Decisions about retirement villages are important; they tend to have a long-term personal and financial impact. Buying into a retirement village is different from buying a house, and legal and financial matters are also more complicated. Retirement villages are operated in different ways, and what they offer varies.
Don’t rush it! You’re more likely to choose the right retirement village if you don't make a quick decision:
There are usually significant costs when entering and leaving a village or transferring within it, as well as ongoing expenses while living there. It’s important to know what the charges cover and exactly how much they will be. These will vary from village to village, so comparing the ‘deals’ will help you find out the potential upside and downsides of different offers.
Your needs may change in the future, so keep this in mind when working out the financial details of moving to a retirement village.
This financial checklist will help – it suggests questions to ask, and might prompt ideas for a few others.
You'll need to know about the costs involved in leaving a village in case you decide you want to live elsewhere, or you want to leave money in your will. Be aware that you may come out with significantly less money than when you entered the village, particularly if there are deductions from the price you originally paid for the unit and if you do not get any share in the ‘capital gain’.
Buying into a retirement village is different from buying other residential property. The financial structures and legal titles can vary from village to village, so it's important to talk to a lawyer to understand their implications.
Get independent legal advice before signing up with a retirement village. You are required to do this by the Retirement Villages Act. Find a lawyer with experience in retirement villages, who is independent of the village you're thinking about. If a lawyer doesn't have this experience, ask them for a recommendation or go to the Law Society to find a lawyer who can help.
There are four basic legal titles commonly used for retirement villages:
Some villages combine the features of 'licence to occupy' with 'unit title' to create their own type of title.
The Act requires all legal titles to include a 'memorial' that protects a resident's interest in their unit and helps to ensure the village's continued operation.
About three-quarters of New Zealand's retirement villages offer licences to occupy. A licence to occupy gives you the right to live in the unit, but it doesn't mean you own the unit. This usually means that you can't borrow against the value of the unit, though some villages may offer this option.
In a village based on a unit title structure, you own your own unit. You also become a member of a body corporate that is responsible for the upkeep and maintenance of communal areas. Often the body corporate has a management agreement with the village manager (who is responsible for looking after the day-to-day operation of the village) to administer and look after the affairs of the body corporate.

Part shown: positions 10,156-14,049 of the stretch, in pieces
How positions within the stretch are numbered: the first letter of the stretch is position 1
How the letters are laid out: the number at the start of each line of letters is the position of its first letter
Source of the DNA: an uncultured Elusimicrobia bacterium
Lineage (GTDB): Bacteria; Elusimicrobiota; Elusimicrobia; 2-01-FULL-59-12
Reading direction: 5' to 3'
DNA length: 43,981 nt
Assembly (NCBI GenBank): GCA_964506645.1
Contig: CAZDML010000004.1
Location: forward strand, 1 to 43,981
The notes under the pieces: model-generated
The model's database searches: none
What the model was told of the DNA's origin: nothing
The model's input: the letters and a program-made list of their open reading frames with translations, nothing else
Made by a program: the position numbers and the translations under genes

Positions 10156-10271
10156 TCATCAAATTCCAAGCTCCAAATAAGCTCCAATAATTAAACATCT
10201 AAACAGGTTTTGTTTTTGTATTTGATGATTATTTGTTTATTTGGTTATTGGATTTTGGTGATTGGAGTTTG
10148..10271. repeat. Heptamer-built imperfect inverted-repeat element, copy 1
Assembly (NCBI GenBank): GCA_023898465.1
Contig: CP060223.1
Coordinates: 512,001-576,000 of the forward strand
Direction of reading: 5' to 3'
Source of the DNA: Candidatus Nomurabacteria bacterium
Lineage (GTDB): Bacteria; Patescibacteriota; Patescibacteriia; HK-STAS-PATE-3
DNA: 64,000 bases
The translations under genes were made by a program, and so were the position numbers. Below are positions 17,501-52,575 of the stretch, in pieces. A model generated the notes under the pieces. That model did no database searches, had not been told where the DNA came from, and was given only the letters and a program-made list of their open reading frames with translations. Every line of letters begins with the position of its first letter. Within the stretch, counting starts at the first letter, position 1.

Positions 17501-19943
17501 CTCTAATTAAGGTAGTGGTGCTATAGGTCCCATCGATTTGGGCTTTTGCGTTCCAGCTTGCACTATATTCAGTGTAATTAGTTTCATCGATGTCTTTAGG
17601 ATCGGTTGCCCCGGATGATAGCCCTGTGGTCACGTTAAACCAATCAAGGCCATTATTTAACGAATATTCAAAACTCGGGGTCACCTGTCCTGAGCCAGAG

If you have a cross lease, you share ownership of the land and its units, and grant leases to one another to live there. The leases include agreement about the length of the lease, the use of the land and the residents' rights to live there.
In this case, you have a lease for a unit or property in the village, which remains in place until you die or leave the village. Some villages also offer rental units.
The Retirement Villages Act 2003 protects people entering into and living in retirement villages. It introduces a Code of Residents' Rights and Code of Practice as well as dispute resolution.
The Act requires all retirement villages:
The Act also requires all intending residents:
The Ministry of Business, Innovation and Employment is responsible for administering and implementing the Retirement Villages Act.
The Retirement Villages Register is operated by the Companies Office. Use it to check a village is registered and to search their required registration documents.
Thinking about moving to a retirement village? Print these checklists out and take them along when you visit retirement villages. When asking questions, remember to think about your future needs and how they might change.
This lists many different aspects of the retirement village lifestyle, from entry criteria, location and management through to rules, care, services and facilities offered. You’ll need to decide which ones are most important.
This suggests some important questions to ask about entry, transfer, living and leaving costs, as well as questions about the retirement village's financial operations.
This lists the steps to take when signing up to enter a retirement village.
When you're considering moving to a retirement village, download our free booklet here: Thinking of living in a retirement village?
Retirement village information – free phone 0800 268 269
For general information about retirement villages, free phone 0800 268 269. There's also more information on the Commission for Financial Capability website.
2 Feb, 2017
Are you thinking about taking out a loan? When borrowing to buy goods we all have some basic consumer rights.
19 Jan, 2017
Batman. Superman. Barbie. Ken. They’re forever young … but what if they weren’t? Imagine an alternate universe, where superheroes get old and weary.
17 Aug, 2015
My kid brother – who is just starting out in his career – met with a financial adviser the other day, his first foray into financial planning.
11 Aug, 2015
When it comes to choosing how much risk to take while investing, I can’t help but think of relationships. Call me a romantic if you like.
1 Mar, 2013
Jens Meder stopped working over 20 years ago and says he’s been loving retirement ever since.
2 Jan, 2013
Great-grandparents Charmaine and Hamish McNeilage enjoy a contented life in the Wairarapa, where they live on $617 a week from NZ Super.